Retail: Even those who still get news delivered by pigeon post have, at this juncture, received the memo about Amazon.com and its inevitable steamrolling of all things retail. And yet stores, in many segments of the market, refuse to die. We are not cyber-deniers, just observers of the combination of continuing profitability and ongoing management adjustments being made by several retailers, particularly those whose products defy long-distance shipping and/or require a degree of in-store service. Rite Aid, with a stable cash earnings line, is emblematic of this group of credits. Priced at its historically minimum EV/Sales multiple, and with significant potential as an acquisition target, we like Rite Aid 2023 bonds trading to yield over 13% to maturity. Other retail credits offer similar potential.
Engineering and Construction: We realize consensus earnings forecasts aren’t always reliable. However, it is still odd to see a large engineering and construction company like Tutor Perini having street estimates of over 30% for operating profit growth in 2020, while at the same time sporting valuation multiples of 6.5x estimated earnings and 0.5x book value. Bond spreads in this sector we believe are far too wide and it wouldn’t take an unreasonable re-rating to drive Tutor’s well-covered 2021 convertible notes into the money, given their $30 strike price. Similarly, McDermott International, an admittedly distressed issuer, has credit that is trading at a tiny look-through valuation in comparison to our estimate of private market value for this business.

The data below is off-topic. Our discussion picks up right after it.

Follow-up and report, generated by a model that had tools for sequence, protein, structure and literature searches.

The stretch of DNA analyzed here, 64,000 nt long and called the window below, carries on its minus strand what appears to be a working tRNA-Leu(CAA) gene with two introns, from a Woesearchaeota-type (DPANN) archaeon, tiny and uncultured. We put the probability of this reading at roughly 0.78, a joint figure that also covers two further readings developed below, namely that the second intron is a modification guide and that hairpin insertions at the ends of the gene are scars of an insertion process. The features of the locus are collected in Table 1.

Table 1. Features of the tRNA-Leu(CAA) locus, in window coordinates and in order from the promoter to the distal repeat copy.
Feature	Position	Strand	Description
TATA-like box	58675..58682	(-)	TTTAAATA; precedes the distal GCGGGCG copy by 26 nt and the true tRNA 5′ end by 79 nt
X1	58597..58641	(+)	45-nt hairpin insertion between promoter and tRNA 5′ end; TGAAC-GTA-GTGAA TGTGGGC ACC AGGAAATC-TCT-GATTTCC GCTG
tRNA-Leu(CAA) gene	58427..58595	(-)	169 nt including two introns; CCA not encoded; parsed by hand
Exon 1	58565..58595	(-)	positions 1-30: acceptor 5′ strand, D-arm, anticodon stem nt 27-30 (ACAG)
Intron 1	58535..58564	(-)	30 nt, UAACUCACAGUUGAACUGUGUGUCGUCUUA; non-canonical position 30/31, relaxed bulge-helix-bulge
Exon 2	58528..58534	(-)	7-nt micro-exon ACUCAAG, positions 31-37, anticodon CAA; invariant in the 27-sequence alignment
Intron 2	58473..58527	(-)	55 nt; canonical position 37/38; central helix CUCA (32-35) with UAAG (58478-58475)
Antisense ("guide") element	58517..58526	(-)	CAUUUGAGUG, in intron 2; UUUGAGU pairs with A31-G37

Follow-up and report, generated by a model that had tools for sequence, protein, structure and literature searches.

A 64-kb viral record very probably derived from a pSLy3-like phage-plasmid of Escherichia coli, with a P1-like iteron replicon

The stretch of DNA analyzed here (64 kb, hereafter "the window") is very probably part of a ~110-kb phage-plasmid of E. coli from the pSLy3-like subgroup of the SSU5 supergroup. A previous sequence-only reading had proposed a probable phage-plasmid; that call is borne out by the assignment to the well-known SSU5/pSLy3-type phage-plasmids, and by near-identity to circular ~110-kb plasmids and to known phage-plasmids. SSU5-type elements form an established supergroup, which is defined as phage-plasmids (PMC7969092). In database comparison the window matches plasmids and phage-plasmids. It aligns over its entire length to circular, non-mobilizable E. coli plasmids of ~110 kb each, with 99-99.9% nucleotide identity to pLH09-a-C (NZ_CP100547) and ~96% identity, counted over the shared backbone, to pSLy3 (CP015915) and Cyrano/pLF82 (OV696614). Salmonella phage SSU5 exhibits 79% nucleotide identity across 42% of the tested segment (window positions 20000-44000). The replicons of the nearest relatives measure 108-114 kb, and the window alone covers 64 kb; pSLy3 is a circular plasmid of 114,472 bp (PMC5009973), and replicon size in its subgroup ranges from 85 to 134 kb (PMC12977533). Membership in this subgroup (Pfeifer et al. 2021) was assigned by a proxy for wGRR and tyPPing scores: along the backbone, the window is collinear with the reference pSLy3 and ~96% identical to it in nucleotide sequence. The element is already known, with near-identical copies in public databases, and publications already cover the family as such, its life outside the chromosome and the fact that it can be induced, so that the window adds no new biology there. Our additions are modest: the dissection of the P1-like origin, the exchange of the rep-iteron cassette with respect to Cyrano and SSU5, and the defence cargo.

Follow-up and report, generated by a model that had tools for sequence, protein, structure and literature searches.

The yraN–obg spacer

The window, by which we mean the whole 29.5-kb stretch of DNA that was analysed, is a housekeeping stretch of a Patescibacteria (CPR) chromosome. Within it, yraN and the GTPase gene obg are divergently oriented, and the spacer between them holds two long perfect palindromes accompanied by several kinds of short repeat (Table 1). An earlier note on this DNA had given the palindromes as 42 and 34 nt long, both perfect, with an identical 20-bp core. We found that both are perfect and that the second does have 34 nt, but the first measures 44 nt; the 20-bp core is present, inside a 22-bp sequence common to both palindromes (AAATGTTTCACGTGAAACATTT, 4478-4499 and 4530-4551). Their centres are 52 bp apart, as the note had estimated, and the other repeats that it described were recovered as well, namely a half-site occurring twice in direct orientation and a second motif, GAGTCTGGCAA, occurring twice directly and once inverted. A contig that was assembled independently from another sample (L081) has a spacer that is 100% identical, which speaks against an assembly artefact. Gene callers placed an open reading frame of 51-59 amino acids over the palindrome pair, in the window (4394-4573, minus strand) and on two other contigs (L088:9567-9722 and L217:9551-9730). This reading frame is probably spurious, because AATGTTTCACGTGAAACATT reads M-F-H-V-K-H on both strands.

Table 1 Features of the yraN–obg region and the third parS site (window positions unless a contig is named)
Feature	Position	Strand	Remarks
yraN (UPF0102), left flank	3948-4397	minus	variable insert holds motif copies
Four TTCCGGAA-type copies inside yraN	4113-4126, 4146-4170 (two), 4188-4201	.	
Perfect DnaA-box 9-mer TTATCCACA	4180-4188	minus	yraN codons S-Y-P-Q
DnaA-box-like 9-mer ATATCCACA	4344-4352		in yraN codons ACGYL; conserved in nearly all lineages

Were space to permit us to elaborate further, we could also mention telecoms businesses, Canadian rate reset preferreds, and profitable oil producers and copper miners as other areas of interesting credit value. There is also a wide swath of small, growing public companies with interestingly wide credit spreads unwarranted by their improving fundamentals. We believe all these areas of the credit market will grow in popularity in 2020.
Fund Activity … “Deeper in the Cheaper” and a Couple of New Lines
This month we added weight in a number of existing holdings which showed good value. We added to our position in the 2021 0.875% convertible notes of SunPower Corp, whose cash repayment appears overwhelmingly likely in the wake of the company’s recent spin-off transaction and equity raise. These notes closed November yielding almost 6% to a 2021 maturity. We also increased our weight in Tutor Perini credit as that company continues to make progress collecting long-term receivables.
We initiated a stake in the Briggs and Stratton 6.875% notes maturing in December 2020, priced to yield over 14%. Briggs and Stratton has a storied history as a manufacturer of small engines for garden machinery and similar products. While foreign competition and a delayed move into electric motors has hurt the company lately, its enduring position with key OEM’s and sizeable branded product portfolio are significant assets. Technically, we see a strong path to repayment for these notes given excess senior loan capacity earmarked for that precise purpose.
The Fund yield to maturity at November 30 was 5.7% with current yield of 4.5% and average duration of maturity‐based instruments of 2.8 years. There is a 2.3% weight in distressed securities purchased for workout value whose notional yield is not included in the foregoing calculation. Cash represented 6.1% of the total portfolio at November 30.
December 5, 2019
1 F Class